The radio conversation between the caller and the air traffic controller lasted about 30 minutes. In fact, ABC7 has been told that because of the emergency call, a commercial airline pilot was put on hold.
The FAA in Oakland received the emergency call for help around noon Saturday. The call came into the FAA's emergency air traffic frequency and the caller said he was a passenger aboard a small plane that crashed in the mountains near Stanford University.
ABC7 has learned from a source who listened to the recording that the caller said his name was Mike Henderson and that his leg was broken. He also said the pilot was unconscious and they had departed from South County Airport near Morgan Hill for a tour of the Bay Area.
That source told ABC7 Tuesday, the FAA believes the caller used a handheld transceiver like a ground to air radio, which someone can buy over the Internet for a couple of hundred dollars.
The call triggered a massive response.
"Lots of resources, yes and a lot of agencies as well," Sgt. Rick Sung of the Santa Clara County Sheriff's Department said.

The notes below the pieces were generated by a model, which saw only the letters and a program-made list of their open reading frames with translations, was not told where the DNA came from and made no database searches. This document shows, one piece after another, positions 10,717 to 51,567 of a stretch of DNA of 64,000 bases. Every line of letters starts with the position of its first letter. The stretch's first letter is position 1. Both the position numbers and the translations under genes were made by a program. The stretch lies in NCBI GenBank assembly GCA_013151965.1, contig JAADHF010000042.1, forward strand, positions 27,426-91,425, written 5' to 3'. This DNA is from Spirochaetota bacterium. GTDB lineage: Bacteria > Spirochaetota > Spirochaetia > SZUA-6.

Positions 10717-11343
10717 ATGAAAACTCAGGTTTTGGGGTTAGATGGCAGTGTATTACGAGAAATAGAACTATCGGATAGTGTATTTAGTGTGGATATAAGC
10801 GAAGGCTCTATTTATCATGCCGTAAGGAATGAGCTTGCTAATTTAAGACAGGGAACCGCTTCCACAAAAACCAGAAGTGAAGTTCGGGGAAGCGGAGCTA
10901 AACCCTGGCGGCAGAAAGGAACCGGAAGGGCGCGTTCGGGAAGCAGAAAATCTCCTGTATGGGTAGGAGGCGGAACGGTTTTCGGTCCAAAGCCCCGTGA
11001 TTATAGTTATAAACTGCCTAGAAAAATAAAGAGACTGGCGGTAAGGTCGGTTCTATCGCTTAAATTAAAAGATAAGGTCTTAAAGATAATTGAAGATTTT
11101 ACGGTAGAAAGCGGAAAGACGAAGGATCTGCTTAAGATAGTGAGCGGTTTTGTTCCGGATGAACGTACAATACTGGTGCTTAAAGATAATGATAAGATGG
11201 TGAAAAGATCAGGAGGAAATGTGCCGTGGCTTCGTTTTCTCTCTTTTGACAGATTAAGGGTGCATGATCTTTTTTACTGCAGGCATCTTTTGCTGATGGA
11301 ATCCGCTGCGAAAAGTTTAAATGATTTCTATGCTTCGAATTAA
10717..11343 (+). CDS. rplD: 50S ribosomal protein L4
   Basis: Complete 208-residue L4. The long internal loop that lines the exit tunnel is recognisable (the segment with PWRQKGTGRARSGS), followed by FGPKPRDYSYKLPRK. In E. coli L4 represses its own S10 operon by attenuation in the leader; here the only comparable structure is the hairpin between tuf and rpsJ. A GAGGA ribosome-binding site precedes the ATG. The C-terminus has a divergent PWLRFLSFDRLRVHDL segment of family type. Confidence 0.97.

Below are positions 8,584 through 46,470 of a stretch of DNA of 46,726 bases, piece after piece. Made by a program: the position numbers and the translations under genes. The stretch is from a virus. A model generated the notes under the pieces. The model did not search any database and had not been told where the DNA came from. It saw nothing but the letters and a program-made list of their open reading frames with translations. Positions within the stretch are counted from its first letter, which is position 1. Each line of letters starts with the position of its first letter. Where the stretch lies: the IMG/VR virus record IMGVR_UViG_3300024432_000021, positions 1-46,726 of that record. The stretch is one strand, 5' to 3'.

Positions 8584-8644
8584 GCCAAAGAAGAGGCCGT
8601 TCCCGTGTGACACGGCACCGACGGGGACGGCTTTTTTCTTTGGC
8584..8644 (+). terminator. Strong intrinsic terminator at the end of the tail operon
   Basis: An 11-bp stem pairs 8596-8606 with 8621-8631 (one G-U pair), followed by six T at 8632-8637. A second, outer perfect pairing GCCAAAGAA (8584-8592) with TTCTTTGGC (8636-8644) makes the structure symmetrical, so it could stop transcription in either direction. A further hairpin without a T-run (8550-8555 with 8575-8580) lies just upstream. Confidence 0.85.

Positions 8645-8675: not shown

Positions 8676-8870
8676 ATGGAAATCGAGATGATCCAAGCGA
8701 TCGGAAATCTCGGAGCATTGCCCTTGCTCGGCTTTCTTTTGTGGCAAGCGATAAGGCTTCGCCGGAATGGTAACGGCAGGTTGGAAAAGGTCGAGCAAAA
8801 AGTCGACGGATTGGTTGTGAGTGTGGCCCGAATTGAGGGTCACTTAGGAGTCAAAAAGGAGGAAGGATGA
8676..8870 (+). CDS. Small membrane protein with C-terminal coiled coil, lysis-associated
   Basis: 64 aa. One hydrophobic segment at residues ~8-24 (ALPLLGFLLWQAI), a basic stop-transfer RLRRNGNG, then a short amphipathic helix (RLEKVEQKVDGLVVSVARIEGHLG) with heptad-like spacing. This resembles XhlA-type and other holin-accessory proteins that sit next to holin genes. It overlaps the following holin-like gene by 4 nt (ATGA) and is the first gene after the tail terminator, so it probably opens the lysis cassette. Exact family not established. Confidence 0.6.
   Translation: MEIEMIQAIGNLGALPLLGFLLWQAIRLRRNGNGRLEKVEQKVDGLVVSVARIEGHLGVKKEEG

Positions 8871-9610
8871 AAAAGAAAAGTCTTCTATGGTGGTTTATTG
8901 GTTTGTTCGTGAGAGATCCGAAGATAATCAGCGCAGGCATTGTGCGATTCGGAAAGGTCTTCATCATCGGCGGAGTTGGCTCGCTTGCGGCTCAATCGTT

In all, nine different law enforcement, fire and rescue agencies began looking for a downed plane. The Santa Clara County Sheriff's Department coordinated the search.
"We first deployed our ground units from our West Valley patrol station, about three to four deputies went out there," Sung said.
The ground teams canvassed the mountains around Stanford University. They asked for volunteers from their search and rescue teams.
The sheriff's helicopter was joined by choppers from other agencies, including a plane from the San Mateo County Sheriff's Office and the U.S. Coast Guard.
"We then reached out to Civil Air Patrol, Civil Air Patrol agreed to send out an airplane the next day," Sung said.
The search was finally stopped by mid-day Sunday. ABC7's source says the FAA's radio receivers were finally able to zero in on downtown Los Altos as the place where the caller radioed for help.
ABC7 aviation consultant Ron Wilson says the situation raises a new serious security issue.
"Someone intent on a criminal act could actually communicate with the pilot of an aircraft, say on approach to San Francisco, if they knew the frequency and it's not hard to find out, and give the pilot instructions that could cause that pilot to make a turn in front of another airplane, for instance," Wilson said.
The Santa Clara County Sheriff's Department has yet to figure out just how much the search cost, but it costs about $600 an hour to fly their helicopter. They also say if there had been an emergency elsewhere, their resources would have been stretched thin. They do say they are still on standby, just in case there really is a downed plane.